Brenton Horne - 16 days ago 5
C++ Question

# How to exit GNU Octave, after running an m file, without closing plot windows?

I have been writing a C++ program to solve the problem of the simple pendulum and then plot the result using GNU Octave. It plots the result via this line in my program:

system("./simppenadj.sh");


where
simppenadj.sh
is:

#!/bin/sh
octave --no-gui --persist -q simppenadj.m


and
simppenadj.m
is:

#!/usr/bin/octave
t      = A(:,1);
theta  = A(:,2);
dtheta = B(:,2);
figure
plot(t,theta)
xlabel('t','FontSize',16,'FontWeight','bold')
ylabel('\theta','FontSize',16,'FontWeight','bold')
title('{d^{2}\theta}/{d{t^{2}}} = -9.8 cos({\theta})','FontSize',18,'FontWeight','bold')
figure
plot(theta,dtheta)
xlabel('\theta','FontSize',16,'FontWeight','bold')
ylabel('d\theta/dt','FontSize',16,'FontWeight','bold')
title('{d^{2}\theta}/{d{t^{2}}} = -9.8 cos({\theta})','FontSize',18,'FontWeight','bold')


Whenever I run my C++ program the CLI of GNU Octave is started (and left opened at the end) and the data is plotted. I do not want the CLI of GNU Octave to be left open, but the only way I know how to get it not to open is to remove the
--persist
option in
simppenadj.sh
which also makes the plots generated by GNU Octave to not be left open. This is a problem, as I want the plots to be left opened after my C++ program has been run. So is there a way to do this?

You can use the octave API to call the script from within your program. There, create a child process, which calls octave, so the parent process can end. With this, you can keep octave running. With this method, there is no octave CLI, since you do all calls to octave via the API, especially feval.

Unfortunately, the guide on using the API is very bad, but i put something together for you which should work. It basically only reads a script and executes the corresponding function. This is the nice thing about this method: you can write everything using normal octave function/script file methods.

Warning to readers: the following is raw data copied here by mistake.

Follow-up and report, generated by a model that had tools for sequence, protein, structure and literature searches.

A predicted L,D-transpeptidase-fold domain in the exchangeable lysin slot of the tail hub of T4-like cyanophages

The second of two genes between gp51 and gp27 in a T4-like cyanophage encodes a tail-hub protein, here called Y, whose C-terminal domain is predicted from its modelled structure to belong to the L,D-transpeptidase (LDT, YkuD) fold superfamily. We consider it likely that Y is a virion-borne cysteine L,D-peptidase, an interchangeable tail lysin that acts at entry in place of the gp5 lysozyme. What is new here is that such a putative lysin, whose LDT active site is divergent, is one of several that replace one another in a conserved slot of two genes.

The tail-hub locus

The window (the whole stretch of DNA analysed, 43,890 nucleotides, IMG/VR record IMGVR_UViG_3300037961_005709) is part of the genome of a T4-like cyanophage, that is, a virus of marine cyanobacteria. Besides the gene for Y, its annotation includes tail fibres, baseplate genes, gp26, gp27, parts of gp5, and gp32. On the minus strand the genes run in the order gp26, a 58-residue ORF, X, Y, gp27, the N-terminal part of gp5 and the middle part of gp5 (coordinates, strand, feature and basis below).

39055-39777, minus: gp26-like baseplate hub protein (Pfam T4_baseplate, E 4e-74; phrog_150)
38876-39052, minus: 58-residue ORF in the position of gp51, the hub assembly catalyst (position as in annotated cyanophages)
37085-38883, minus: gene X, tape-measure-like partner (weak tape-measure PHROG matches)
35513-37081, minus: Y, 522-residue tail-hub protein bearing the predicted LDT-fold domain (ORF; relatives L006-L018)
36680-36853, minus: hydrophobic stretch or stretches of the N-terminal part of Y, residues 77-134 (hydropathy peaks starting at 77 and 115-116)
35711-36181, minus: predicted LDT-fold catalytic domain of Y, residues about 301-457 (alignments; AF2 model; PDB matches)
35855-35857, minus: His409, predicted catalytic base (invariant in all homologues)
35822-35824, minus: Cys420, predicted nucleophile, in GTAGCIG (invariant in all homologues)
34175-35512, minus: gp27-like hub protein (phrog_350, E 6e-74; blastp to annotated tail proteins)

I added the printf statement in the octave file in order to show how you can pass arguments to octave.

## main.cpp

#include <iostream>

#include <unistd.h>

#include <octave/oct.h>
#include <octave/octave.h>
#include <octave/parse.h>
#include <octave/toplev.h>

int main()
{
pid_t pid = fork();

if(pid != 0) // parent
{
std::cout << "parent, exiting\n";
}
else
{
// arguments for octave
string_vector argv (2);
argv(0) = "embedded";
argv(1) = "-q"; // quiet

// start octave, run embedded (third parameter == true)
octave_main (2, argv.c_str_vec (), true);

// read the script file
source_file("calc_and_plot.m");

// call the function with an argument
octave_value_list in;
in(0) = "Hello, world.";
feval("calc_and_plot", in);

std::cout << "octave (child process) done\n";
clean_up_and_exit(0); // quit octave. This also quits the program,
// so use this together with atexit, if you
// need to do something else after octave exits
}

return 0;
}


## octave script/function file

function calc_and_plot(str)
printf('%s\n', str);
x = linspace(0, 2*pi, 100);
y = sin(x);
it = plot(y);
waitfor(it);
end


Compile the main.cpp with

g++ main.cpp -L/usr/lib/octave-4.0.2 -I/usr/include/octave-4.0.2 -loctave -loctinterp


You have to adjust the paths to your system and octave version. You can also use the mkoctfile command, which basically does the same. You can look at the output of its -p switch, e.g.

mkoctfile -p CFLAGS


to get the libs, compiler flags etc. Have a look at the manpage for this.